Certain populations, regardless of nationality, are more vulnerable than others. The urban poor, people who are very old or very young, traditional societies, subsistence farmers, and coastal populations are at the highest risk for health problems. Studies warn that although certain areas and populations can be more at risk, even wealthy countries with vast resources are currently not well prepared to cope with extreme weather events. Economic development alone cannot protect humans from disease and injuries due to climate change.

Adaptation

In some cases, the negative impacts on human health can be lessened if appropriate infrastructure and systems are put in place. In other words, in some ways, we can adapt. For example, the French government recently put a system in place to warn people of heat wave danger and to make sure the elderly, who are particularly vulnerable, are given special care in the event of a heat wave. Improved evacuation plans for hurricane-prone regions, improved water treatment and sewer facilities, and other improvements can make a difference for human health.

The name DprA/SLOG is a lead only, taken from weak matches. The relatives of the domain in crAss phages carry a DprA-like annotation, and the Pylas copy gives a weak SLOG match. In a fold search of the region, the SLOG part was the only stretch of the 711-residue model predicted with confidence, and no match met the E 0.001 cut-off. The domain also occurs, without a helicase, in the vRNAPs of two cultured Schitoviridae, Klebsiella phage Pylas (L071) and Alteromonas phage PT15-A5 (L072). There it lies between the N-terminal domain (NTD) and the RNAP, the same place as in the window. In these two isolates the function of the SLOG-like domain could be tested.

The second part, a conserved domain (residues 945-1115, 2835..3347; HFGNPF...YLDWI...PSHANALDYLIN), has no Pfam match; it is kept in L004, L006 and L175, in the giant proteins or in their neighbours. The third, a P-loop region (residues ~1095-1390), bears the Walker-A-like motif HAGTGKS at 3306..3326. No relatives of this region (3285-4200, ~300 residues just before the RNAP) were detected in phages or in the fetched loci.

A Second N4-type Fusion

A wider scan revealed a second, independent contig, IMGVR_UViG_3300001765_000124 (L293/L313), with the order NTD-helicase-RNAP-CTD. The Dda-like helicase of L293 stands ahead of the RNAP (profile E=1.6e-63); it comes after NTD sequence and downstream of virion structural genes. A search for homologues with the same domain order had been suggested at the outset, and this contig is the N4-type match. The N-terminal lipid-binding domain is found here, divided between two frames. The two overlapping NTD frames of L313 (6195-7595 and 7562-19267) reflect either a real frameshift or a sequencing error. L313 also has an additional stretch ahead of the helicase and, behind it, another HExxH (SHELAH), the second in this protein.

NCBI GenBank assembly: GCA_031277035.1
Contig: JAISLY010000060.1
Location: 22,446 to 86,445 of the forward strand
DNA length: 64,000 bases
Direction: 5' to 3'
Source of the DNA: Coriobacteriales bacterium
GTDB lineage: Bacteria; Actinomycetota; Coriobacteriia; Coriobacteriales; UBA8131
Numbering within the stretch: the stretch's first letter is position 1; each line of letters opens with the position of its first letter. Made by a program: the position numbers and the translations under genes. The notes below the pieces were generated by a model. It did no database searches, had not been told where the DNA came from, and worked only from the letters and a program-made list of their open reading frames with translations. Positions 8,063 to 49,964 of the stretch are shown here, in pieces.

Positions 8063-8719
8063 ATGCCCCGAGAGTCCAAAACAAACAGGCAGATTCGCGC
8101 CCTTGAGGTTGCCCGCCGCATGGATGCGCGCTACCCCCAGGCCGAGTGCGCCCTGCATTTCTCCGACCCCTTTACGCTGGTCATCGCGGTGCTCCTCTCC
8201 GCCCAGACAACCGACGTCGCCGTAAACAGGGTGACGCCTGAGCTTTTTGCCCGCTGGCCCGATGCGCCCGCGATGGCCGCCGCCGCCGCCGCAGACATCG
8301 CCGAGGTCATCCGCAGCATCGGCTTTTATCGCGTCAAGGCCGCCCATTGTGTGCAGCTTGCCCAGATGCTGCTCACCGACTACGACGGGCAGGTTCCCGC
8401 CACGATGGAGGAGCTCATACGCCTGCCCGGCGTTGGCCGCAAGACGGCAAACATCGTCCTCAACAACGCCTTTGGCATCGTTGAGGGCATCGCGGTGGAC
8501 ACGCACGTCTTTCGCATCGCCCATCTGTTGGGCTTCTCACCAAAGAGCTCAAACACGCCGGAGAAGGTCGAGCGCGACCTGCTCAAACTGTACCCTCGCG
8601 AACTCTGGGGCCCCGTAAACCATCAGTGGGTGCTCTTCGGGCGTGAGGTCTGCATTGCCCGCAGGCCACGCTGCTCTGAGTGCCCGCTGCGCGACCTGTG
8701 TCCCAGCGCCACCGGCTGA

The solutions to climate-related health impacts are challenging, but one conclusion from the Intergovernmental Panel on Climate Change (IPCC) is that “climate solutions are ‘win-win-win’ actions, benefiting not just the planet but also our health and the economy.”

Resources

More information is available in the following reports: